Cognitive-behavioral therapy (CBT) is a problem-focused psychotherapy that integrates behavioral interventions such as behavioral activation, exposure therapy, and relaxation training into cognitive therapy . CBT is the standard and effective management for symptoms of anxiety disorders , and has been traditionally administered in a face-to-face setting. Internet-based CBT interventions provide alternative options which are self-paced and minimize the embarrassment element in seeking-care. Growing evidence found positive effect of internet interventions for mental health in university students. A recent systematic review and meta-analysis (48 studies included) on internet interventions for mental health in university students reported that, in subgroup analysis, internet-based CBT had moderate effect on students with anxiety . The guided internet-based CBT intervention was reported to improve the attributes of mental health among those who had completed the 8-week internet-based program among Hong Kong college students and young working adults .
Offering internet-based CBT could potentially improve the efficiency of health service delivery and maximize the favorable treatment outcomes from a health economic point of view. This study aimed to evaluate the potential cost-effectiveness of guided internet-based low-intensity CBT for university students with mild anxiety symptoms from the societal perspective of Hong Kong.
A Markov model was developed to examine the outcomes of a hypothetical cohort of university students with mild symptoms of anxiety (Fig 1). Two delivery modes for low-intensity CBT were evaluated: (1) Guided internet-based CBT (i-CBT) and (2) face-to-face CBT (f-CBT) as comparator. In the Markov modeling, hypothetical subjects proceed through health states (Markov states) in the next model cycle according to transition probabilities. Five major Markov states were included: (1) Well, (2) mild symptoms, (3) moderate symptoms, (4) severe symptoms, and (5) death. The model outcome measures were anxiety-related total cost and quality-adjusted life-year (QALY). The model time frame was 5 years (with monthly cycle) to provide adequate analytic horizon for assessing the impact of the two delivery modes on long-term anxiety-related cost and QALYs in university students with mild symptoms of anxiety. It is recommended that the cycle length should be short enough to represent the frequency of clinical events and to reduce error in outcomes resulting from discretization, and therefore monthly cycle length was applied in the present model .
a, b. Simplified Markov model of university students with mild symptoms of anxiety. CBT: cognitive-behavioral therapy; f-CBT: face-to-face cognitive-behavioral therapy; i-CBT: internet-based cognitive-behavioral therapy.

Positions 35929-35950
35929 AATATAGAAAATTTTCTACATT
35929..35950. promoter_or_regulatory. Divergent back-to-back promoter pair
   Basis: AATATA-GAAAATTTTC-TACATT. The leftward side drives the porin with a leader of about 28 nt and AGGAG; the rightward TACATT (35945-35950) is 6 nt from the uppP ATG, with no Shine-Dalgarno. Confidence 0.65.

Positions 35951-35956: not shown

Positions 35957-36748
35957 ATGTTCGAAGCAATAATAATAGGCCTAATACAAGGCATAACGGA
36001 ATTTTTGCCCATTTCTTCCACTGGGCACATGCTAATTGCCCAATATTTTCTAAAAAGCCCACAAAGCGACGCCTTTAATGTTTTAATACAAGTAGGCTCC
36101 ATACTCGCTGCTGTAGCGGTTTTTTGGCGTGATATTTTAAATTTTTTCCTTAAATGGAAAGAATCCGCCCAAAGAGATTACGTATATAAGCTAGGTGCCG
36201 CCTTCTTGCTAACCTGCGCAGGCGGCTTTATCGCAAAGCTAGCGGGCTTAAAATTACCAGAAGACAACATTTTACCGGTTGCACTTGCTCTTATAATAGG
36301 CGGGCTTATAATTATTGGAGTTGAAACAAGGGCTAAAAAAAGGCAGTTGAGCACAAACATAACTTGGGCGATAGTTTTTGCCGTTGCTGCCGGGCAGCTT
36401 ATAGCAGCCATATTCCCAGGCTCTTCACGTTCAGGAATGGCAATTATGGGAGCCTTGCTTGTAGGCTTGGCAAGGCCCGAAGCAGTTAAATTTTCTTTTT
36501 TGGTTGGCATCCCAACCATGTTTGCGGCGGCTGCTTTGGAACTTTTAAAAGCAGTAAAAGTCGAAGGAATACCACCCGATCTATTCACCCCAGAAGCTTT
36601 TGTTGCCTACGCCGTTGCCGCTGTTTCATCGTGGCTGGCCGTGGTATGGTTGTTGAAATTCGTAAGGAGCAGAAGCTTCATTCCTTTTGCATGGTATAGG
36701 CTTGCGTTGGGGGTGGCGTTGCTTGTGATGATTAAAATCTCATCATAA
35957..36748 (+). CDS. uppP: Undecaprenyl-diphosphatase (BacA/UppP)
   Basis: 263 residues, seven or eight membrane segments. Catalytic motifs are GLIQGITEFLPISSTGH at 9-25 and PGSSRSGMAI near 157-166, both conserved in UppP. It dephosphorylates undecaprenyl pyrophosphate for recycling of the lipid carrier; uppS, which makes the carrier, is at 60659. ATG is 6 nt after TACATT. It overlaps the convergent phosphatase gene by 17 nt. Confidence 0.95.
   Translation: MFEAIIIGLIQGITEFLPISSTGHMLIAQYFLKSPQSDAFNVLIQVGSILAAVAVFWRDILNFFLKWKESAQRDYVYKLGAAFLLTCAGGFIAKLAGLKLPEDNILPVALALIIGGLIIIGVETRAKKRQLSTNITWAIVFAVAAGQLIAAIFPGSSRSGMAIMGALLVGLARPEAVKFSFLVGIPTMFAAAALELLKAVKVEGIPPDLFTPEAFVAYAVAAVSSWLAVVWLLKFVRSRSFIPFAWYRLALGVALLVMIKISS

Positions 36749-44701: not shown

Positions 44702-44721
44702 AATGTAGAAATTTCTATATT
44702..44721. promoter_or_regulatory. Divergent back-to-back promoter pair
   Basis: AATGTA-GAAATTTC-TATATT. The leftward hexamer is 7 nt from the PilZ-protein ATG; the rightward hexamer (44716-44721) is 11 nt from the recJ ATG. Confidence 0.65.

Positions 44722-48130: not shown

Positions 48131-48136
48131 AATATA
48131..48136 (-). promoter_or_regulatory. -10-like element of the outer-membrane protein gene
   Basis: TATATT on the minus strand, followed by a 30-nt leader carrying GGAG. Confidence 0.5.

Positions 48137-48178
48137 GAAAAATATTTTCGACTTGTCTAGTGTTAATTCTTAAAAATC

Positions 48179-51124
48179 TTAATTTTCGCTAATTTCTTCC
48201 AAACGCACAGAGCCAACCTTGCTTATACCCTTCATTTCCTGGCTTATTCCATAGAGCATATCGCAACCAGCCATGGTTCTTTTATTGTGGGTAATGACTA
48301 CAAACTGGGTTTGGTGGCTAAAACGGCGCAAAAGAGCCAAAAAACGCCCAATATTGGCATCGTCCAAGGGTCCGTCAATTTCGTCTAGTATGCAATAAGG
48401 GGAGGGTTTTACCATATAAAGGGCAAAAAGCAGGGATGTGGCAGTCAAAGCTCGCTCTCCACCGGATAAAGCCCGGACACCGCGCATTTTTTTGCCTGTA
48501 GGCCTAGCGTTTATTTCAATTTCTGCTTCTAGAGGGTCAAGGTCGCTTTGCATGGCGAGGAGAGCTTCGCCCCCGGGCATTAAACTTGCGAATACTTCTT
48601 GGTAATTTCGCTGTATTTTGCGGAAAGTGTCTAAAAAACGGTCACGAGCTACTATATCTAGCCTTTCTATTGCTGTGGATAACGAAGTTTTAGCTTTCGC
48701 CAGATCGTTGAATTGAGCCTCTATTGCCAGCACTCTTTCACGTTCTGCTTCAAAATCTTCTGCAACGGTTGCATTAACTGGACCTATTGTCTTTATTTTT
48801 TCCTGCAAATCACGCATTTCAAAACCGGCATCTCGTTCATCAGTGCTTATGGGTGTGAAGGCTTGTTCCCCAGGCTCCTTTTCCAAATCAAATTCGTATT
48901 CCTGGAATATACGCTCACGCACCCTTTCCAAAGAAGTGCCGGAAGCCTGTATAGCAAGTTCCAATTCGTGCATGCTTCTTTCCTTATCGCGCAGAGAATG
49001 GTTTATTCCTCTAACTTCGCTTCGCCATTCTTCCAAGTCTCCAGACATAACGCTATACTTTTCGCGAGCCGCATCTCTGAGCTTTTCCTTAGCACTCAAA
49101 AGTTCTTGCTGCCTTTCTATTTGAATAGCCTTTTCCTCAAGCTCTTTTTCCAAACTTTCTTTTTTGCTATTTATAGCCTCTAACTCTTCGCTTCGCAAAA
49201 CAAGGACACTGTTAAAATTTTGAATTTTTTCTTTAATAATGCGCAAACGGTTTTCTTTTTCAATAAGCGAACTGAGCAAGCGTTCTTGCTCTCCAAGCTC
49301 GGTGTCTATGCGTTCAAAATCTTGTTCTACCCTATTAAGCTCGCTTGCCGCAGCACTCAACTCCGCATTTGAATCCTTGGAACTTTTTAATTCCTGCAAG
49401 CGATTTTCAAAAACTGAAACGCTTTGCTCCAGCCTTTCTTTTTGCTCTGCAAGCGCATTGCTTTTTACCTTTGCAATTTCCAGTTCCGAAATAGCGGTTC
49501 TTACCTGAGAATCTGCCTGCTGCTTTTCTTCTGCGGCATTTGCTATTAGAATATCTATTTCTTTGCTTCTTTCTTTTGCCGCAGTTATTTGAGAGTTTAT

In this model, the low-intensity CBT program (up to 5–10 sessions, 30 minutes per session, over 9–12 weeks)  was delivered face-to-face or via internet platform. In the i-CBT group, the guided i-CBT was structured and scheduled to mirror face-to-face therapy. CBT was delivered by combining structured self-help intervention modules (presented via internet) and support of an identified therapist (who provided written feedback via email) . In both study arms, the student might or might not accept the CBT. Those who accepted CBT might achieve adequate level of adherence with the CBT program. All students in the model might stay at the “mild” state, improve (to the “well” state), progress (to “moderate” or “severe” state), or die of all causes in each model cycle. The students who did not improve after the low-intensity CBT program were advanced to high-intensity face-to-face CBT (12–15 weekly sessions, 60 minutes per session), pharmacotherapy, or combination therapy .
All model inputs are listed in Table 1. The clinical model inputs were retrieved from published literature. A MEDLINE search (year 2000–2021) was performed and found 240 articles using keywords such as “anxiety disorders”, “internet”, “online”, “cognitive-behavioral therapy”, “drug treatment”, “acceptance”, “adherence”, “remission”, and “progression”. Ten articles [15–24] were selected by selection criteria: (1) Reports written in English, (2) adults with symptoms of anxiety, (3) event rates of treatment effectiveness (remission and relapse) were reported, and (4) CBT acceptance or adherence rates were reported. Preferred studies were meta-analyses or randomized controlled trials. When multiple randomized trials were available for the same model input, the base-case value was estimated using the pooled average weighted against the number of patients in each study.